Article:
Complex III -Cytochrome c oxidase. Cytochromes are very similar to the structure ofmyoglobin or hemoglobin. The significant feature is the heme structure containing the iron (Fe) ions, initially in the +3 state and changed to the +2 state by the addition of an electron. Cytochrome molecules accept only the electron from each hydrogen, not the entire atom. The several types of cytochromes hold electrons at slightly different energy levels. Electrons are passed along from one cytochrome to the next in the chain, losing energy as they go. Finally, the last cytochrome in the chain, cytochrome a3, passes two electrons to molecular oxygen. These cytochromes are proteins that carry a prosthetic group that has an embedded metal atom. The protein ‘steals’ the ability of the metal atom to accept and release electrons.


Complex IV - ATP synthase, also known as the F0F1particle has two componentsF0 and F1 (F - indicates the factor). F1 protruding into matrix from the inner membrane and F0 embedded and extend across the inner membrane. The protruding F1 is essential for the energy coupling to ATP molecule. Careful removal of this component (experimentally) leads to impairment in ATP production though the intact respiratory chain is present.


3.  Reactions of electron transport


The electron acceptors in the electron transport chain include FMN, ubiquinone (coQ), and a group of closely related proteins called cytochromes. The figure 8.4 shows arrangement of the protein

Oxidative Phosphorylation in Electron Transport Chain consist of the electron donors





The coupled oxidation/reduction reaction is

NADH+H+ +1/2O---------------> H2O + NAD+

FADH2 + 1/2O2      ----------------->    H2O + FAD

This coupled reactions yield free energy NADH+H+ yields 52 Kcal/mole as the electrons from NADH+H+ transfer to oxygen consist of three pumps yield 3 ATP molecule at 3 sites FADH2 yields 36 Kcal/mole as the electron from FADH2 transfer to oxygen there are two pumps yield 2 ATP molecule at 2 sites. The position at which the energy capture occurring as ATP are given in figure 8.5.

Spontaneous flow of electrons through each of the respiratory chain complexes I, III, & IV is coupled to ejection of H+ from the mitochondrial matrix to inner membrane space. The ejection of proton gradient is done through inner membrane protein, ATPase that uses released energy to drive the synthesis of ATP from ADP. The terminal acceptor of electrons is molecular oxygen and it is reduced to water. However not all the energy released are captured as high energy phosphate bond and liberated as heat. In warm blooded animals this heat is used for the maintenance of body temperature. The important respiratory control of electron transport chainis the availability of ADP, the substrate for the ATP Synthase.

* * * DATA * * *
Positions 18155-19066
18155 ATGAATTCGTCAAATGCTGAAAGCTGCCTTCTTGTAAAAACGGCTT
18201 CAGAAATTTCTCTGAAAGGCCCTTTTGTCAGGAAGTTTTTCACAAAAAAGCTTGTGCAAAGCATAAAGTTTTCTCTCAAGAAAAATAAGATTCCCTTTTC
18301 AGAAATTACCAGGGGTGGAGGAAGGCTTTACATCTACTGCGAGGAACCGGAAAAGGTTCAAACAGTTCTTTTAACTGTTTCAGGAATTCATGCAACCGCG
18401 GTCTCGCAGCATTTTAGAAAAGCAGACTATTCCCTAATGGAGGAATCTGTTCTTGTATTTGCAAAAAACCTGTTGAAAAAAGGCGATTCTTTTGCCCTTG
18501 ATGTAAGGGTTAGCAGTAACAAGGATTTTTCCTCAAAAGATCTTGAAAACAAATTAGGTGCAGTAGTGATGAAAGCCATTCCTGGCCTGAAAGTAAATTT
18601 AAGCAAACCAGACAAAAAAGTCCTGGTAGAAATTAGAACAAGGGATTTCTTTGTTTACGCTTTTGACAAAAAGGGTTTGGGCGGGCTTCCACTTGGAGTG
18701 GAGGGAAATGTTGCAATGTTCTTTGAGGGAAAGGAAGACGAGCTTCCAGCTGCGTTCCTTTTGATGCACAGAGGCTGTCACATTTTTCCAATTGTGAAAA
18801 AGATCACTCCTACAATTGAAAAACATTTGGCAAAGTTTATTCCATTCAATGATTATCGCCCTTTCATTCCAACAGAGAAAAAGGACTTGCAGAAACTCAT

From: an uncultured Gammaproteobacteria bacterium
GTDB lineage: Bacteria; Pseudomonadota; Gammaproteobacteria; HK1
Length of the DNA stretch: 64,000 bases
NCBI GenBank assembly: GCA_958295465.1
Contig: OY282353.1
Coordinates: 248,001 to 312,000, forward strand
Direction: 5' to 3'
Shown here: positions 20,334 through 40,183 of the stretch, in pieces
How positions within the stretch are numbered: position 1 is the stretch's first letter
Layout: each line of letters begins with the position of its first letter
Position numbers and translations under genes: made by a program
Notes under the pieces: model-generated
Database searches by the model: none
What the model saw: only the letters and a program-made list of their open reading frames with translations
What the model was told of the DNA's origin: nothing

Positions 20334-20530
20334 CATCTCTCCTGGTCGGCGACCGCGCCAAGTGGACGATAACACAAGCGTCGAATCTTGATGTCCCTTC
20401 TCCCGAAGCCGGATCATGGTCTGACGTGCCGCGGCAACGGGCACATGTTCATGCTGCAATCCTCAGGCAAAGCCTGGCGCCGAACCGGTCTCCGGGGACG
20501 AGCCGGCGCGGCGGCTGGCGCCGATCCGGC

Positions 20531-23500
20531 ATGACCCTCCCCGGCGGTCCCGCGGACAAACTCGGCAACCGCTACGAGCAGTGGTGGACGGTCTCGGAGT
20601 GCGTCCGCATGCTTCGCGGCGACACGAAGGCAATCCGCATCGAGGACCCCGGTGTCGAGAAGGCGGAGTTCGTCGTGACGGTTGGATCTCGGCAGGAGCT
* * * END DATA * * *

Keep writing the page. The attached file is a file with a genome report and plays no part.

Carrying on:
4.  Inhibitors of electron transport chain:


The use of inhibitors gives much information about the electron transport chain. They are classified as (a) inhibitors of respiratory chain, (b) inhibitors ofoxidative phosphorylation, and (c) uncouplers of phosphorylation.


a. Inhibitors that arrest respiration are barbiturates like amobarbital, antibioticlike piericidin A , antimycin A and fish poison retinone. The carbon monoxideand cyanide inhibit cytochrome oxidase so that it cannot transport electronsto oxygen. This blocks the further passage of electrons through the chain, halting ATP production and life.


b. Inhibitors of oxidative phosphorylation are oligomycin and atrctyloside.


c. Uncouplers dissolve in the membrane, and function as carriers for H+ or it can be an ionophores. Uncouplers block oxidative phosphorylation by dissipatingthe H+ electro chemical gradient by an un coupling the essential linkage between electron transport and ATP synthesis. Un couplers are 2,4 dinitro phenol, dinitrocresol, pentacholophenol.


Ionophores (ion carriers) are lipid soluble substance capable of carrying specificions through the membrane. They slightly differ in their action from the uncouplers as they also transport cation other than H+ through the membrane. Valiomycin forms a lipid complex through which the K+ ion readily pass through. The ionophore gramicidin induces penetration to H+, K+ or Na+ and uncouples the oxidative phosphorylation.